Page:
An Unsecured Loan is an Acceptable Source of Funds for EB-5 Investment
The U.S. Circuit Court of Appeals for the District of Columbia Circuit, in Zhang v. USCIS et al., held that loan proceeds qualify as cash. Thus, it rejected USCIS’ interpretation that loan proceeds are “indebtedness” that must be secured by assets of the EB-5 investor. (Read the decision.)
Previously, USCIS had rejected the I-526 petitions of two investors who had funded their EB-5 investments by borrowing the capital from companies that each controlled. USCIS denied the petitions because the loans were unsecured. The petitioners sued USCIS, and on November 30, 2018, the district court sided with the petitioners. The court held that USCIS’ policy of treating loan proceeds as indebtedness that must be secured was arbitrary and capricious. See Behring’s blog on the impact of original Zhang case here.
Cash is Cash
USCIS has lost its appeal. The Court stated that the EB-5 regulations clearly treat loan proceeds as cash. Looking at the plain meaning of the term “cash,” the Court stated:
“Cash is fungible, and it passes from buyer to seller without imposing on the seller any of the buyer’s obligations to his own creditors. The buyer’s source of cash—whether paycheck, gift, or loan— makes no legal or practical difference. Here, when [the EB-5 investors] took out loans from their companies, they received cash proceeds. And when they invested the proceeds into the [new commercial enterprises], they gave and the enterprises received cash, plain and simple, regardless of how it was obtained.” (emphasis added)
When the Court reviewed the definitions of “indebtedness,” it observed that they do not include “loan proceeds, which are the product of a debt, not the condition of being in debt or the debt itself.” (emphasis added) Further, when the investor invests loan proceeds in a new commercial enterprise, “the enterprise does not receive his indebtedness at all – much less receive it as an asset.”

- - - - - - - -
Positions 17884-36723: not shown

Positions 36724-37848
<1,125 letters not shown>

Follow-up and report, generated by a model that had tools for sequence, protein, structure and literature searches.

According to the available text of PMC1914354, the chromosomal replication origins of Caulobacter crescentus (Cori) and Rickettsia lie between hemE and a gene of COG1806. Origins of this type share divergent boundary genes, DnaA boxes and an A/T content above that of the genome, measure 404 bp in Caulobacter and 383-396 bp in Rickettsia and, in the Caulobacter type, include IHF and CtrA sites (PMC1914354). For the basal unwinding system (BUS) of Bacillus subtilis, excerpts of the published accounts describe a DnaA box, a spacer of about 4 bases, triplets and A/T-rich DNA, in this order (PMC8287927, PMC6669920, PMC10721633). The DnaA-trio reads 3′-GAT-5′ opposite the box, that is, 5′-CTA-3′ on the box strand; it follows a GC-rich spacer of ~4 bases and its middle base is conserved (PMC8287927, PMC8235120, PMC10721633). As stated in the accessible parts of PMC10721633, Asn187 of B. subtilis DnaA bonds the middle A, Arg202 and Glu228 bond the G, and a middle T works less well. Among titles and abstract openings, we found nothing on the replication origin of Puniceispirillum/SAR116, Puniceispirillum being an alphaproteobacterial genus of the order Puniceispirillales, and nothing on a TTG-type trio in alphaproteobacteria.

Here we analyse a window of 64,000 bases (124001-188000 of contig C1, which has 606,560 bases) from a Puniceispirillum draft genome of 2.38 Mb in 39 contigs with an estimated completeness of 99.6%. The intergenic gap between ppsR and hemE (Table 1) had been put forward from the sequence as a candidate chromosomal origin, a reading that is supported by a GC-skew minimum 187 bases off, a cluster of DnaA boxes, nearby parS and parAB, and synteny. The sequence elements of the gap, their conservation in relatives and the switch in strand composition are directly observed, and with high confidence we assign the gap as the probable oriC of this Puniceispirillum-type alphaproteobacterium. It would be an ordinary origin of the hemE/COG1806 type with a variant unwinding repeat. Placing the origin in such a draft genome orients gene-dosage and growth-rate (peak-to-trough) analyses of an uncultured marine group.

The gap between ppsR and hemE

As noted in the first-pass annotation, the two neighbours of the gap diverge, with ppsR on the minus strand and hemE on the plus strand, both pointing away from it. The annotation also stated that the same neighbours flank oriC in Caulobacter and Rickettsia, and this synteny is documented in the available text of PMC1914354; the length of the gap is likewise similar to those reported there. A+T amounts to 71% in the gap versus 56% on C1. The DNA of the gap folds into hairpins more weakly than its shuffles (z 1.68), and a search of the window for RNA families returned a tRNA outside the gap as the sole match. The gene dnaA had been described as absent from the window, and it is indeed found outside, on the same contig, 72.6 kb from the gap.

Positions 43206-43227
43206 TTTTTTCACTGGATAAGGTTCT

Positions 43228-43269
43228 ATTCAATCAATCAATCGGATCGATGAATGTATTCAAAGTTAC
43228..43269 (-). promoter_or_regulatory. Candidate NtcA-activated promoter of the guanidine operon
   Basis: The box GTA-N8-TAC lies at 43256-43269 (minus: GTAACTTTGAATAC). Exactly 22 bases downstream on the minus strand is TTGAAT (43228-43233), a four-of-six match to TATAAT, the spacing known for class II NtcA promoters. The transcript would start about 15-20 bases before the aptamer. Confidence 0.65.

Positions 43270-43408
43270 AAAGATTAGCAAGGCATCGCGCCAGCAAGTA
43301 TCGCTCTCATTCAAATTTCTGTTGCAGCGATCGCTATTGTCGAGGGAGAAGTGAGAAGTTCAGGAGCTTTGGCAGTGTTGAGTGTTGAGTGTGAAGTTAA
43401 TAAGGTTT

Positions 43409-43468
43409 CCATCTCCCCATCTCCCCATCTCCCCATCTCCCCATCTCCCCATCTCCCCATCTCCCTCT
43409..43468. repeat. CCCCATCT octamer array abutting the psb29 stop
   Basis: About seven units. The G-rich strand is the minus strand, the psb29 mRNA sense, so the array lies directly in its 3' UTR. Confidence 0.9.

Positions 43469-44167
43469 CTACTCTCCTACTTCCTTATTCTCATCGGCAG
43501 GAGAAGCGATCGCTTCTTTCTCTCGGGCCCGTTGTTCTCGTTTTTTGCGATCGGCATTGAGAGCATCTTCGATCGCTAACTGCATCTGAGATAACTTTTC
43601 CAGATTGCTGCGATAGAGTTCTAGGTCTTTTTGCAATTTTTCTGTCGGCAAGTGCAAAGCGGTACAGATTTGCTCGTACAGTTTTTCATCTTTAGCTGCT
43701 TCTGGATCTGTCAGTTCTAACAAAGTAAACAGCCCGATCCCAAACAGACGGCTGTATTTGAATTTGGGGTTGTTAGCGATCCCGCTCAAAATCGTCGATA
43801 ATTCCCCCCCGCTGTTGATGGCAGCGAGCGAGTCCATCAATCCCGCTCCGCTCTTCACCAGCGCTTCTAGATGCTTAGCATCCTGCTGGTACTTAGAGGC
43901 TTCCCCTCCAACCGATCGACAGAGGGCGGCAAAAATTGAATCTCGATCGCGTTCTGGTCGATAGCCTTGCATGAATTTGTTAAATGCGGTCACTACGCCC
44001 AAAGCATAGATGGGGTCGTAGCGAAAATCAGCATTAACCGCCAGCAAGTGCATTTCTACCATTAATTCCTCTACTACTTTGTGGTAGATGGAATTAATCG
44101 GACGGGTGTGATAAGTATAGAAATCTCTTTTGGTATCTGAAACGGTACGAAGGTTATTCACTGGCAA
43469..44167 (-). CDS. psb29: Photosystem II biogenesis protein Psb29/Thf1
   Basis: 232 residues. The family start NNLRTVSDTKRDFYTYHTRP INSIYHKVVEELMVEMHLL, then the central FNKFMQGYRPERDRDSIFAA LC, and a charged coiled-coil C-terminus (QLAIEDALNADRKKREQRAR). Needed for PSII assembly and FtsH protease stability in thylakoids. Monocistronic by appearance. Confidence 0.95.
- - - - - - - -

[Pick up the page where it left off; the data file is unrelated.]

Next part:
Lawful Source of Funds
The Court made clear that whether cash is obtained from wages, a gift, or a loan makes no difference, so long as it has been lawfully acquired. Thus, an unsecured loan is an acceptable source of funds for an EB-5 investment. The Court recognized that “security arrangements might help confirm that the loans are legitimate,” but USCIS can no longer reject an EB-5 investor’s I-526 petition merely because it is unsecured.
Potential Alternative to Gifts … and Taxes
The Circuit Court opens the door for EB-5 investors to source their investments in new lawful ways. Few investors can assemble the capital from one source. Especially, now when the minimum investment is $900,000. Investors often seek the help of family and friends to “sponsor” their petitions through gifts funds. Potential donors can be daunted by the sheer size of the gift as well as its potential tax consequences. Now family members may help to provide an unsecured loan as an acceptable source of funds.
A New Opportunity to Fund Your EB-5 Investment: Unity Lender
Behring has launched Unity Lender LLC, EB-5 Industry’s first licensed lending company for qualified EB-5 investors. Unity Lender is a lending company licensed in California equipped to provide loans for alternative investments. It offers a solution to qualified EB-5 investors who might not have the immediate liquidity to fund their investment. For example, investors may have illiquid real estate investments or are waiting for ideal time to liquidate stocks or sell other assets. Unity Lender will work with you and your immigration attorney to provide a loan package to comply with source of funds requirements.
Contact Behring to Learn More
If you would like to learn more about this decision and how you might use an unsecured loan to fund your EB-5 investment, contact Behring for a free consultation. Behring welcomes you to visit our FAQs and blogs to enable you to get the information you need to best prepare you for your EB-5 investment and green card journey.